Accident & Investigation issues dominate Maritime Potpourri
Among the various topics deliberated on at the Maritime Potpourri issues relating to deaths amongst Indian seafarers and difficulties in making proper assessment as well as E&P operations in the Indian offshore sector took center stage
The Maritime Potpourri 2013 of the Company of Master Mariners of India held last weekend turned out to be a powerful message to the seafaring community, the government and the people at large. It brought into focus issues such as deaths and suicides of India seafarers taking place since the past few years.
Capt T. K. Panda, Sr Training Superintendent of Bernhard Schulte Shipmanagement (I) Pvt Ltd. gave an interesting account of what an effective investigation should achieve when examining incidents and accidents. He highlighted the role of incident investigation under the Tanker Management and Self Assessment (TMSA), the cause factors, sequence leading to accidents, and the circumstances leading to undesired incidents together with the various techniques of marine accident investigations that are in vogue for finding the root or basic cause. He also took up a case study of the grounding of a container vessel off the coast of Singapore.
Capt Harish Khatri, Dy. Director General (Technical) spoke about the Indian seafarers missing at sea. He informed that from whatever information was available about cases of Indian seafarers committing suicides at sea was mostly incomplete. He cautioned that the number that has come to the DGS’s notice could just be the tip of the iceberg. In many cases the information coming in is of “seafarers reported to be missing”. “Besides, in most such cases the information that is finally made available to us is inadequate and of not much help in tackling the problem or to come to a concert solution to the problem,” he pointed out.
Capt Khatri informed that it is difficult to ascertain what compelled the seafarers to take the extreme step as there is not enough evidence. Eventually the investigating officer has nothing much to go by – only conjectures or hearsay. At times investigations throw up misleading results and information making it difficult to conclude as to whether it was a suicide or an accident.
Veering off on to a another interesting topic Capt K Devdas, Sr V.P. for Offshore Services at the Shipping Corporation of India provided an encapsulated account of the Indian offshore scene and how the Exploration and Production (E&P) program was evolving. The dearth of energy and the growing demand for oil and gas has served as a driver for the incessant search that has been going on in the offshore.
“Demand for crude oil in India has increased by about 97% since 2000-01,” stated Capt Devdas. “Indian crude production has been steadily growing from 17.5% from 2000 to 2012. To fill the gap between production and demand, the country has had to depend on imports of oil and gas which have surged by 132%. To help accelerate the exploration activity the government came up with the New Exploration Licensing Policy (NELP). The deepwater basins where the government is focusing on are Bengal, Mahanadi, Krishna-Godavari, Palar, Cauvery, Kutch- Saurashtra, Mumbai, Kerala-Konkan and Andaman Basins.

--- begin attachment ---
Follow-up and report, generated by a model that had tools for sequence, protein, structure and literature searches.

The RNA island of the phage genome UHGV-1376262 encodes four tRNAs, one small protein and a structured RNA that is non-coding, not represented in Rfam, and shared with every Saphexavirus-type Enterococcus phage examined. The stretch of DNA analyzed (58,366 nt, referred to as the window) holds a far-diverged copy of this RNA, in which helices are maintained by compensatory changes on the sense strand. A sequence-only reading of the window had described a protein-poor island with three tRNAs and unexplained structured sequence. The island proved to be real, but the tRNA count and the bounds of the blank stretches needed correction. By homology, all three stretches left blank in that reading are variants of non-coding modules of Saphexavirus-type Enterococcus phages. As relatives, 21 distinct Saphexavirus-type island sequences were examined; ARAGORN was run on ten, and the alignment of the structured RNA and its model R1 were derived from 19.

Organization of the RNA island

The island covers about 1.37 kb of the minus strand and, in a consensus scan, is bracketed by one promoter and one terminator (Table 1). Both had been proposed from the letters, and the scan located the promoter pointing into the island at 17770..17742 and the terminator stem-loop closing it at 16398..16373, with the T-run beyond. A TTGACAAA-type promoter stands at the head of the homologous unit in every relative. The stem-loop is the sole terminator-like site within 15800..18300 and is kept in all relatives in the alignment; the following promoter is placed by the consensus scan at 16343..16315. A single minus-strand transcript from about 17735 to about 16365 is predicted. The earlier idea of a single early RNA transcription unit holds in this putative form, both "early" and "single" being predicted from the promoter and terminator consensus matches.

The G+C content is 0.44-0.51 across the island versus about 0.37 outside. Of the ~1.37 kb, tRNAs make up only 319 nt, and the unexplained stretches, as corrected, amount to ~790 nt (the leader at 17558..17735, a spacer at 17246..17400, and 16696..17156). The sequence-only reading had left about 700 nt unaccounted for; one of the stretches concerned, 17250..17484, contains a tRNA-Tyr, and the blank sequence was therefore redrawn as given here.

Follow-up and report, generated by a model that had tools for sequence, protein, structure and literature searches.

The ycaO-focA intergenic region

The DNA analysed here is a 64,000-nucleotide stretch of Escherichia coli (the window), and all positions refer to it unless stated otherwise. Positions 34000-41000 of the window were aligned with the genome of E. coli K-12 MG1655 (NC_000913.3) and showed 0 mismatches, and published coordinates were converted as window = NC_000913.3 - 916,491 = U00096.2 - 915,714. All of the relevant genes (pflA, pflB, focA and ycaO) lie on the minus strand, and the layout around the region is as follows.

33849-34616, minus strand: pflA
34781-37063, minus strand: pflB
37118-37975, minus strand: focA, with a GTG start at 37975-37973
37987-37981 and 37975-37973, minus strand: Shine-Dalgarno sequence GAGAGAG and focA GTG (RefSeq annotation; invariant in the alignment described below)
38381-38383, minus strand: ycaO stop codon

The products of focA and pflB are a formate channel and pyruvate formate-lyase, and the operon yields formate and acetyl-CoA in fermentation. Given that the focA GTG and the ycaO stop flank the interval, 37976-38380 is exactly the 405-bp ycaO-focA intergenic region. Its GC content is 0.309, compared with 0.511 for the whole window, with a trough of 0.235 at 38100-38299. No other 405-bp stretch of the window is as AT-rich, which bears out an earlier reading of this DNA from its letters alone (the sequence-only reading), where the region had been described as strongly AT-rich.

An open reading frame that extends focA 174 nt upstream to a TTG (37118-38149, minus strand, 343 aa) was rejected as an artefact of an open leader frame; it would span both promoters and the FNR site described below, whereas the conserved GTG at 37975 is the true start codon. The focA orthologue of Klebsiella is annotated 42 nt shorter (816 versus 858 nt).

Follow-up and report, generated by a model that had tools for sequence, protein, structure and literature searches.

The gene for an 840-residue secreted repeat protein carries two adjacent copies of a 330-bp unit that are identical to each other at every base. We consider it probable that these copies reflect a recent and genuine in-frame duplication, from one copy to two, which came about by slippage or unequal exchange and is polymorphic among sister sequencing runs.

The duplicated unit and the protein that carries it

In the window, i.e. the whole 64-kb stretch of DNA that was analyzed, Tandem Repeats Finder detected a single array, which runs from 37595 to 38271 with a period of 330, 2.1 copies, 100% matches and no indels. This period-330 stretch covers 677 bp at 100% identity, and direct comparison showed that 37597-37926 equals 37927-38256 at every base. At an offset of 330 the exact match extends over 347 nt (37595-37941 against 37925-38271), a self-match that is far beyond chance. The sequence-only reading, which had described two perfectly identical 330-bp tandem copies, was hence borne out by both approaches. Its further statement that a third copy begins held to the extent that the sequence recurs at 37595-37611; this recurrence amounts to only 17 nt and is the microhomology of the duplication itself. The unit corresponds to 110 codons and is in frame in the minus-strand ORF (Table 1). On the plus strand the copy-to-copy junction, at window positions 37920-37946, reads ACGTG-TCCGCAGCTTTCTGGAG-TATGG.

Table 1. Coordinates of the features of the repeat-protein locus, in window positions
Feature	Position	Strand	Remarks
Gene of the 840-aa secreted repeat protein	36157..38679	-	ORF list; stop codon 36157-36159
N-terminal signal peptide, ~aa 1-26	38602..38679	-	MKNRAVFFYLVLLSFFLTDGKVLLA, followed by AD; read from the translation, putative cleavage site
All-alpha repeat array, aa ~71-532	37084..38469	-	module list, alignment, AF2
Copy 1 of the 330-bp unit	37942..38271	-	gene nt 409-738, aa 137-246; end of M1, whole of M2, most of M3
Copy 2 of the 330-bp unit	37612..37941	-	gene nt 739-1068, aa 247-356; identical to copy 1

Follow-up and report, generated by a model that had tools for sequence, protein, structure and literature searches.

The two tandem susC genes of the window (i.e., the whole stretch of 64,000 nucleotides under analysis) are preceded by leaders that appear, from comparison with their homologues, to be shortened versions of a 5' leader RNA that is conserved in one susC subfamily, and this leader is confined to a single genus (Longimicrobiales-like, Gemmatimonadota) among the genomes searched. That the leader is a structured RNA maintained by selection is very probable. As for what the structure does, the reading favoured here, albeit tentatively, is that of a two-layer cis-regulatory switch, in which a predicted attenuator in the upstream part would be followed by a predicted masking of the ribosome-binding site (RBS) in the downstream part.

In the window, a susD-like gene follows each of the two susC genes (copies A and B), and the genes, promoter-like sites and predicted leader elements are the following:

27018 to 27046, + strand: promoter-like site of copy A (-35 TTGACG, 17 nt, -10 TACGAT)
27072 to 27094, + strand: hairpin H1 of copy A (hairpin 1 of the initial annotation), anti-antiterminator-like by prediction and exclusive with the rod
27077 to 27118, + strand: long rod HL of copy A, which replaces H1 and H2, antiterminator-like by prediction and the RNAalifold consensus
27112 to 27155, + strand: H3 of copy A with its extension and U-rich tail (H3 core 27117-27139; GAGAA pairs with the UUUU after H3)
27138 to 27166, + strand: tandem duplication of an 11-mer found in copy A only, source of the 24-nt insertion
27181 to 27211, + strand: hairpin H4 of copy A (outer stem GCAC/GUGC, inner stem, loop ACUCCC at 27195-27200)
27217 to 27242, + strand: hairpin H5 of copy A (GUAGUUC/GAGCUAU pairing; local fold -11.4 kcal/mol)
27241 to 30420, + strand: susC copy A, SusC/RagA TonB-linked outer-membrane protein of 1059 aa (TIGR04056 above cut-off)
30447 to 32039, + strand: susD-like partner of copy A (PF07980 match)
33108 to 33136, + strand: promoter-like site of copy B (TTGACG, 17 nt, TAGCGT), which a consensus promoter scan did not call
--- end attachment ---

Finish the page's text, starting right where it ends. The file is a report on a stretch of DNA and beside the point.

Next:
He explained that according to the new developments in NELP bidders have to quote the amount of oil and gas which will be offered to the government from the beginning of the production. Currently, E&P companies can recover their cost first and thereafter share the profits. But the situation in the E&P activity in the Indian offshore is pathetic since there are more overseas players operating than Indian companies.
Several challenges are being faced. As the exploration activity goes in to the deeper waters the need for high end vessels is mounting. Anchor handlers with higher bollard pull, vessels with dynamic positioning capabilities, vessels with more space for cargo operations, increased accommodation, operators for anchor handlers, experienced manpower in all offshore and deepwater activity, are some of the major shortfalls which are being met from overseas players.
The Potpourri culminated with a panel discussions on the implementation of the Maritime Labor Convention which comes into force this month provided a fair picture about the industry’s preparedness. It appeared that nearly all Indian ships are well on the way to getting certified prior to the MLC deadline. The new vessels to be constructed would have to comply with the MLC requirement otherwise ship owners wanting to sell off their vessels will face difficulties. The next step would be the implementation of the MLC for coastal vessels.